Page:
Environment variables

In mabl, you can define variables at an environment level and use them across multiple tests. Those same tests can then run across multiple environments, such as dev and production, as long as each environment defines the same variables.

A common use case for this feature is to define variables for environment-specific URLs, API endpoints, API keys, etc. so that you can easily run the same tests across multiple environments such as staging and production.

How to create an environment variable

  1. Go to Configuration > Applications
  2. Hover over the name of the environment that you'd like to add the environment variable to. An edit icon will appear next to the environment.
The configuration screen showing to click the title of the environment.The configuration screen showing to click the title of the environment.

The configuration screen showing to click the title of the environment.

  1. Click on the edit icon. The "Edit environment" page will appear.
  2. Click on the "Add environment variable" button.
  3. Enter the variable name and value.
View of the Edit Environment screen showing an Environment variable made titled API_URLView of the Edit Environment screen showing an Environment variable made titled API_URL

View of the Edit Environment screen showing an Environment variable made titled API_URL

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Use all caps for environment variable names

By using the conventional "screaming snake case," you can quickly distinguish environment variables from the other variables in a test.
Examples: API_URL, ADMIN_USERNAME

Once created, you can use environment variables in your tests in the same way as you would use other variables created in the test. For example, you can input an environment variable into a text field, use it to visit a URL, or reference it as part of an API request as shown on the screenshot below.

Using an environment variable as part of API requestUsing an environment variable as part of API request

Using an environment variable as part of API request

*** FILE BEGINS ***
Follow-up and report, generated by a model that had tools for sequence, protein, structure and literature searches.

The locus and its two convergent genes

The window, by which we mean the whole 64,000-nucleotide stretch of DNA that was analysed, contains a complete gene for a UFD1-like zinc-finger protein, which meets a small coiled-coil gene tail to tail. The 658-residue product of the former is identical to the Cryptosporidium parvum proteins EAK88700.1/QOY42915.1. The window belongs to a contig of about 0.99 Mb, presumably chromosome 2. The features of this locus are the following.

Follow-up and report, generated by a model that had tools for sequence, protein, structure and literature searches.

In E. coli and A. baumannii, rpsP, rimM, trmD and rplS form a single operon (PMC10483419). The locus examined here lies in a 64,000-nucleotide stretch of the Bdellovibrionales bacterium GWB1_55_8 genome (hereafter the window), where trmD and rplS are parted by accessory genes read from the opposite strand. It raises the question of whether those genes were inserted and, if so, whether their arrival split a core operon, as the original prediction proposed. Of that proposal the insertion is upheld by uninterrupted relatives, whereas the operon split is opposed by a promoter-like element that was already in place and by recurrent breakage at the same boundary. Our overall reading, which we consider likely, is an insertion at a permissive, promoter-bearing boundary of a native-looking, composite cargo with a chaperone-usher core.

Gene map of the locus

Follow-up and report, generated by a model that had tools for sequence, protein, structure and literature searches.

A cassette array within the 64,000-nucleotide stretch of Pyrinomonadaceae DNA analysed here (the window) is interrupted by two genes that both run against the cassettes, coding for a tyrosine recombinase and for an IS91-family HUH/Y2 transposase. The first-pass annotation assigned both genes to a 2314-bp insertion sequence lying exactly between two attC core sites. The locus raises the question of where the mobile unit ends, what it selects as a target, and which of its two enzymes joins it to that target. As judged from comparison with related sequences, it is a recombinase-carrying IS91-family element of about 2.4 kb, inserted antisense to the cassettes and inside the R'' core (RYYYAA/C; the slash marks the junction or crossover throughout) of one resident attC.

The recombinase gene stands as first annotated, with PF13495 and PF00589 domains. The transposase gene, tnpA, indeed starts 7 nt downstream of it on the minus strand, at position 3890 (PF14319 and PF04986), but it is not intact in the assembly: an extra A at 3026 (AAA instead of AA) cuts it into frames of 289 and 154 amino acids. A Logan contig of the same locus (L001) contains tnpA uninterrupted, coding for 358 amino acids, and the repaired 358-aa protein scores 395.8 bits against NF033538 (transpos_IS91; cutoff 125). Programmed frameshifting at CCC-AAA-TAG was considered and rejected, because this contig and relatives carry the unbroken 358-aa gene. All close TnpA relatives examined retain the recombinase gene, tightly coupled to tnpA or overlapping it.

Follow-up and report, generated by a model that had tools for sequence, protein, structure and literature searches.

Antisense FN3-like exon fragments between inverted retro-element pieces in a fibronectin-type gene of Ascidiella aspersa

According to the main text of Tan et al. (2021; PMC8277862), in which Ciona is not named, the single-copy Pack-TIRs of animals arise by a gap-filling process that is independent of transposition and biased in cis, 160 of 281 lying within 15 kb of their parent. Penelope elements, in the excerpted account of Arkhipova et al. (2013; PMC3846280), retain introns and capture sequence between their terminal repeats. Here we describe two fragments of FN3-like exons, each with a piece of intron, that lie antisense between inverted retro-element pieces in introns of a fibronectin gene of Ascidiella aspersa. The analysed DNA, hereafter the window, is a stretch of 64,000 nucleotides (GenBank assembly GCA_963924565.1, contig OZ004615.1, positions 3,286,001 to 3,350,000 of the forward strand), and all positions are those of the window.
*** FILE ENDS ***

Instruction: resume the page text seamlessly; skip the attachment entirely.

Random environment variables

By default, when you define an environment variable, its value is treated as a static string. Nevertheless, you can generate random values using string templates with environment variables in the following way:

  1. Create an environment variable using a string template for its value
  2. In the mabl Trainer, create a variable from a string template that is being generated by the environment variable
  3. Run the test from the mabl app to validate everything works as expected

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Limitations

This functionality works as described below but you will not be able to see the actual generated random value in the test run results, unless you review the screenshots.

To create an environment variable that generates a random user email, for example, you can define it with the following string template: user+{{alnum:5}}@example.com (as shown in the screenshot below).

Creating environment variable with a random string template as its valueCreating environment variable with a random string template as its value

Creating environment variable with a random string template as its value

Next, we need to go to our test and, using the mabl Trainer, create another variable, userEmail, that uses the existing environment variable as its string template as shown below.

Creating a variable based on an existing environment variableCreating a variable based on an existing environment variable

Creating a variable based on an existing environment variable

If things are working correctly, you should see the string template assigned to the environment variable in the Preview field.

You can then use this second variable, userEmail, as part of your test. The value of the userEmail variable will not be randomly generated until you run the test in the cloud. When the test runs in the cloud, mabl will assign a random value to the userEmail variable based on the string template coming from the respective environment variable.

In the end, to verify that everything works, just trigger a test run in the cloud and review the results to ensure you see the expected random values as shown in the screenshot below.

Test run resultsTest run results

Test run results


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